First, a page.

Oman is opening up its real estate market to foreign investors further by allowing them access to a wider selection of residential properties as part of reform measures aimed at improving the country's fiscal position.
The move is outlined in the Sultanate's Medium-Term Fiscal Plan, which also confirmed it is looking at introducing a personal income tax on higher earners.
"The Ministry of Housing and Urban Planning is adopting a package of measures that will work to revive the real estate market in the Sultanate," according to the plan.
This includes "opening the door to non-Omanis to own real estate residential units in multi-storey commercial residential units in certain areas".
Non-GCC nationals can currently buy property in Oman, but only within integrated tourism complexes (ITCs) such as the Al Mouj and Muscat Hills resorts in the capital and the Salalah Beach Resort. There are 13 ITCs in the Sultanate, according to the tourism ministry's website.
The new rules grant rights "to own limited lands and properties within multi-storey buildings", explains Aditi Gouri, head of strategic consulting and research at Cavendish Maxwell.
"There are still certain restrictions, whereby the percentage of sale to expats should not exceed 40 per cent of the units in a commercial and residential building, or 20 per cent of a single nationality," she said.
Other measures aimed at improving the property market include licensing rent-to-own schemes and allowing payments by instalments.
The real estate market in Oman has "been under pressure since 2015," as a result of lower oil prices and has been affected further by the Covid-19 pandemic, according to Matthew Wright, head of consultancy at Savills Oman.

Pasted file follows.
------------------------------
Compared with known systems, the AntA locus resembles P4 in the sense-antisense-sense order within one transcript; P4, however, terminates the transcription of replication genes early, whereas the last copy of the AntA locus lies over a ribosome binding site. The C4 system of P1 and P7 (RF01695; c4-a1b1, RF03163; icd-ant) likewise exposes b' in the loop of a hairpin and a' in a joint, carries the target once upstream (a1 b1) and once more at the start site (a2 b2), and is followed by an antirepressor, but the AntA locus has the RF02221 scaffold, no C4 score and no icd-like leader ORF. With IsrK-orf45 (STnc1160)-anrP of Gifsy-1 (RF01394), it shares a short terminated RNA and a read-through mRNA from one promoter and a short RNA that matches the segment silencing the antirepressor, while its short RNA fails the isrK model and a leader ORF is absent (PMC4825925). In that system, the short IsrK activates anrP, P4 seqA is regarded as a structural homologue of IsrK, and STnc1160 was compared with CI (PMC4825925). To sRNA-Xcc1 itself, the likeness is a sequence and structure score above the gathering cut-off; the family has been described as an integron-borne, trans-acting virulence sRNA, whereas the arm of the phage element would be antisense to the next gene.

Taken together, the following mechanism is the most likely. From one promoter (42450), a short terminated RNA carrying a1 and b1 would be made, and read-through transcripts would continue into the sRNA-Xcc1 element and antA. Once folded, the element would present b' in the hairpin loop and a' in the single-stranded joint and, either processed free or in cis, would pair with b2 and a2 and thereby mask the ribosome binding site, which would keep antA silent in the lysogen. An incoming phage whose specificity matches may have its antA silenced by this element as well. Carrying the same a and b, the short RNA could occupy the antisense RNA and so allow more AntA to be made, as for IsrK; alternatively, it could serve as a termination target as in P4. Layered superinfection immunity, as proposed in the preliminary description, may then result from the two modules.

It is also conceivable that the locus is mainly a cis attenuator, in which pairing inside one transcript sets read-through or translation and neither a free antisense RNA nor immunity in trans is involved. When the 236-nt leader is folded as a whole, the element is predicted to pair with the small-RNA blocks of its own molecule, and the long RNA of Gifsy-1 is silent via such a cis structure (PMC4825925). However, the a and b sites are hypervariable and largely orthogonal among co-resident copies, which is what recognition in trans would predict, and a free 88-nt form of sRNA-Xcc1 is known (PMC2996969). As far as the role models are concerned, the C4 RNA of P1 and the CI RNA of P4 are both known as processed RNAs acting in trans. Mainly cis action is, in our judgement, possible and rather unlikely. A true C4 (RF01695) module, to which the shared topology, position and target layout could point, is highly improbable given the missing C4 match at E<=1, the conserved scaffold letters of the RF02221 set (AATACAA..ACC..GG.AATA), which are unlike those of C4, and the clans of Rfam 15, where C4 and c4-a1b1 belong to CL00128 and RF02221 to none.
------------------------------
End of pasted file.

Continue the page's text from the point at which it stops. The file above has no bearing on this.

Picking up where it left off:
"Residential rental values in Muscat dropped by an average of 30-40 per cent from 2014 to 2019 and have seen further reductions of 10-20 per cent over the course of 2020," he said.
One key difference with the proposed rules is that residential properties within ITCs provide residency rights, but buying outside will not, which could limit their appeal, Mr Wright said.
"We understand that the Ministry of Housing & Urban Planning may re-assess whether purchasing a property outside an ITC project should include residency rights for non-GCC nationals in the future," he said.
Oman's Medium Term Fiscal Plan sets out a series of measures aimed at reducing the Sultanate's budget deficit by cutting spending and diversifying revenues. Alongside proposals for the income tax on higher earners, Oman will introduce VAT at a rate of 5 per cent from April next year, improve tax administration and collection and look to improve returns from state-owned companies.
Reforms to the labour market are proposed to make it more flexible and the Sultanate is planning to allow visa-free entry to more than 100 nationalities to boost tourism.
Oman's economy is projected to shrink 10 per cent this year and 0.5 per cent in 2021, according to the International Monetary Fund's latest forecasts. The fund estimates the Sultanate will run a fiscal deficit of 18.3 per cent this year and that its debt-to-GDP ratio will rise to 81.3 per cent by the end of the year.
According to the government's Medium-Term Fiscal Plan, efforts already undertaken to cut government spending by 10 per cent this year will help reduce the budget by 870 million Omani rials ($2.26bn). Cutting water and electricity subsidies to zero by 2024 in line with the fiscal plan, will help the sultanate reduce spending by 2.07bn rials and increase revenue by 1.39 billion rials.
By adopting measures in the plan, the sultanate hopes to be able to keep debt-to-GDP at about 80 per cent by 2024. Without the measures, it forecasts an increase in the ratio to 128 per cent.